A key study testing the cholesterol effects of shrimp was conducted in 1996 at Rockefeller University. Scientists fed volunteers a diet containing about 10 ounces of steamed shrimp a day (equivalent to more than three servings), comparing the effects on cholesterol with a control diet and one containing two hard-boiled eggs a day. Both the shrimp and egg diets increased unhealthy LDL cholesterol. But the shrimp diet boosted healthy HDL cholesterol even more, leading to an overall improvement in cholesterol ratios. The shrimp diet also decreased triglyceride levels.
RECIPES RIGHT AND WRONG: Any health benefits of choosing shrimp over steak quickly sizzle away, of course, if you prepare the shrimp in a way that adds saturated fat, sodium and calories. There are plenty of healthy ways to cook shrimp—boiled, steamed, grilled, broiled, baked, sautéed or stir-fried with a liquid vegetable oil (and a heaping accompaniment of vegetables). But with unwise cooking and additions, a 60-calorie serving of shrimp can quickly zoom past the 160 calories in three ounces of steak.
The deep-fried breaded shrimp so popular in casual-dining restaurants are no more healthy than a burger: A “popcorn shrimp” entrée can top 500 calories, 2.5 grams of saturated fat and a whopping 2,100 milligrams of sodium. “Coconut shrimp” are even more caloric. And don’t think that combining shrimp with pasta lessens the impact, not if it’s coated in a creamy sauce: “Alfredo”-style shrimp and pasta can total more than 1,000 calories, 20 grams of saturated fat and twice your recommended daily sodium.
ECO-CONCERNS: One other cautionary note about shrimp comes from environmental advocates, who see a dark side to the plummeting prices of foreign, farm-raised shrimp. More than 90% of the shrimp consumed in the US comes from abroad, led by China, Thailand, Vietnam, Brazil and Ecuador. Before the 1980s, less than 1% of the world’s shrimp was farm-raised, but now the overwhelming majority comes from farms that environmentalists assert pollute ecosystems and destroy forest land. Overuse of chemicals and antibiotics in shrimp farming, some critics charge, also makes the seafood less safe for consumers.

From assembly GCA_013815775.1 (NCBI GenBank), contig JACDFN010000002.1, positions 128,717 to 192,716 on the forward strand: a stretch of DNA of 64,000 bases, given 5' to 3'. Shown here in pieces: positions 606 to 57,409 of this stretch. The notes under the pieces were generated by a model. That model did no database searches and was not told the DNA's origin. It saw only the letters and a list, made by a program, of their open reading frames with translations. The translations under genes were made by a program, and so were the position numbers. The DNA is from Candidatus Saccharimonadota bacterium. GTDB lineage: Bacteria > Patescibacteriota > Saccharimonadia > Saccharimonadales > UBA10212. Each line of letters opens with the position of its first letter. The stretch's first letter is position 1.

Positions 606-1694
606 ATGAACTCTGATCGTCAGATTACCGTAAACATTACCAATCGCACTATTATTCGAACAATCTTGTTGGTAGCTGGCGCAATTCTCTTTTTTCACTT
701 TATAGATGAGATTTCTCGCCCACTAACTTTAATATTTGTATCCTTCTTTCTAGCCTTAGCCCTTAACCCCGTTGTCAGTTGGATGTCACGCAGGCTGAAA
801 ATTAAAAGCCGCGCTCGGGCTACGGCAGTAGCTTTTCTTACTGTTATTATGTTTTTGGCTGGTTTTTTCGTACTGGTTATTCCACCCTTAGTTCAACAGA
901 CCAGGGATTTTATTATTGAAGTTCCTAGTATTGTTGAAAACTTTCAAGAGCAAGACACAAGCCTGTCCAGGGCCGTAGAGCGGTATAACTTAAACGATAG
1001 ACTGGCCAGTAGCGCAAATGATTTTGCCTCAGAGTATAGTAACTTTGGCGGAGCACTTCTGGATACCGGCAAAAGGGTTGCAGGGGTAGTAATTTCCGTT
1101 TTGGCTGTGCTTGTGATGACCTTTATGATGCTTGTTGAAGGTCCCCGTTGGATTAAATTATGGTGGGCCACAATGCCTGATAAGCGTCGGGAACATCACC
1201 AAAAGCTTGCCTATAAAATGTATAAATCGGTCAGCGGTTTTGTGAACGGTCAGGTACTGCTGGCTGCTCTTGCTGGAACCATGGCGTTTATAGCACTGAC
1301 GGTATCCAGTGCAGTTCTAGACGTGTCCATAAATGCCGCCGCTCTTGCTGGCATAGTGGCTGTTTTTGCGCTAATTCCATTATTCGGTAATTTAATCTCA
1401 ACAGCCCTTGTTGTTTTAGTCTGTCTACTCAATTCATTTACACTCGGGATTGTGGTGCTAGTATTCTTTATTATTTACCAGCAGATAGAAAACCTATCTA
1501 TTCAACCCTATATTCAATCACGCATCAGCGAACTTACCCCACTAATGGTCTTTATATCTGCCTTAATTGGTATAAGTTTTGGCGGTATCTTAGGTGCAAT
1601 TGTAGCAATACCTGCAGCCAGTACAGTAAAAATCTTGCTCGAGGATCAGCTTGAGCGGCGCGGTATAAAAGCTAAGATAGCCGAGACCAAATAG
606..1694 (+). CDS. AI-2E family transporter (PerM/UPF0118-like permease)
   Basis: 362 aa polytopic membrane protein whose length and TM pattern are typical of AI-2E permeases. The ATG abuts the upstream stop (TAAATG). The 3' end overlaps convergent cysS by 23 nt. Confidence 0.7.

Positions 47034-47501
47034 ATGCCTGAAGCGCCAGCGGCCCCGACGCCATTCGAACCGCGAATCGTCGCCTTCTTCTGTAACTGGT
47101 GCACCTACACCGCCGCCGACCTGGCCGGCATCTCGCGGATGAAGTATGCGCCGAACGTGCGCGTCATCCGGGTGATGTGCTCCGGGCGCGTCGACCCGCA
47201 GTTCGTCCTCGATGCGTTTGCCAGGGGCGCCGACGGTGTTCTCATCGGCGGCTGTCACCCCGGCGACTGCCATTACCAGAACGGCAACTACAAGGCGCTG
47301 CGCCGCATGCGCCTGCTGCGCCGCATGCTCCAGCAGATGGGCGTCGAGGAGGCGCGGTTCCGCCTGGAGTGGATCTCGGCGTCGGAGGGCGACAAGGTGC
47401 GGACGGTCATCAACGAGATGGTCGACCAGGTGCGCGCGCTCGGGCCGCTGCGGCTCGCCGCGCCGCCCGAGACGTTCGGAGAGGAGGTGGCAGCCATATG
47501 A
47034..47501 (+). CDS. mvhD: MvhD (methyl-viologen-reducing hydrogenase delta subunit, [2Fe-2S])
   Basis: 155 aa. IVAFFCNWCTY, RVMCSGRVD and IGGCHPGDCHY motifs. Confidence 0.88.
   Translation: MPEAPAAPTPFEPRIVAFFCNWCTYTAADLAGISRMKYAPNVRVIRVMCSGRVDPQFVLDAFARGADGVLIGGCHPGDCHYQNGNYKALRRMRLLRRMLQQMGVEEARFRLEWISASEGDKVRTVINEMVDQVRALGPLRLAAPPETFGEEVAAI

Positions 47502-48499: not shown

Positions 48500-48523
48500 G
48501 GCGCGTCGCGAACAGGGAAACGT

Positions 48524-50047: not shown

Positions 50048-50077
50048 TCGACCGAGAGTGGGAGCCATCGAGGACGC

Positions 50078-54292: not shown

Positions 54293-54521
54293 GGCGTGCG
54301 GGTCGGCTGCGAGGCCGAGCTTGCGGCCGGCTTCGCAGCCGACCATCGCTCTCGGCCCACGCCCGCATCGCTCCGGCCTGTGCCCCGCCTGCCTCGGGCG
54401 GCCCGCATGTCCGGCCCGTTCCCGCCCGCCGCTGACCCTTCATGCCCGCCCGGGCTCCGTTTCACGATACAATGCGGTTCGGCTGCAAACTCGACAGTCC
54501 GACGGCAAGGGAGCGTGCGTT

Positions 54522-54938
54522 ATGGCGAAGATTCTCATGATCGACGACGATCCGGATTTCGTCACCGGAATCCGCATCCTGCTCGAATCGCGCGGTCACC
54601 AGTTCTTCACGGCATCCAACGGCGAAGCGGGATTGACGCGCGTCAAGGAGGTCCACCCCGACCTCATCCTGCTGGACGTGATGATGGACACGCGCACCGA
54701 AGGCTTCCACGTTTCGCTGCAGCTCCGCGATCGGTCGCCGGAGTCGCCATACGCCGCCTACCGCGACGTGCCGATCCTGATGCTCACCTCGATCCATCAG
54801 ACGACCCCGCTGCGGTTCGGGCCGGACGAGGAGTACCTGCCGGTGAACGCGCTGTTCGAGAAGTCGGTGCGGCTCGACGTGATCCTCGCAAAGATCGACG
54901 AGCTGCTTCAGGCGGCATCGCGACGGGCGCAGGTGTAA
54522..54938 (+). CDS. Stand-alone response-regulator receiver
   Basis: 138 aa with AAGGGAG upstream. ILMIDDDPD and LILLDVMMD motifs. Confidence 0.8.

The bottom line for US shrimp fishermen, already hard-hit by hurricane damage and oil spills, is that cheap competition is putting many real-life Forrest Gumps out of business.
If you’re concerned about buying shrimp that’s as good for the environment as it is for you, the Monterrey Bay Aquarium
- Black tiger shrimp (Southeast Asia, especially Ca Mau, Vietnam, farmed usingSelva Shrimp criteria—but not other imported black tiger or tiger shrimp)
- Freshwater prawns (US farmed)
- Pink shrimp (Oregon, wild-caught)
- Pacific or West Coast white shrimp (US farmed in fully recirculating systems or inland ponds)
- Spot prawns (Canadian Pacific, wild-caught)
Good alternatives include wild-caught Northern or Bay shrimp from the Atlantic, Spot Prawns from the US Pacific, and Gulf shrimp, which may be marketed as Brown, Pink, Rock, White or Ebi shrimp. Shrimp from Thailand farmed in fully recirculating systems are another alternative.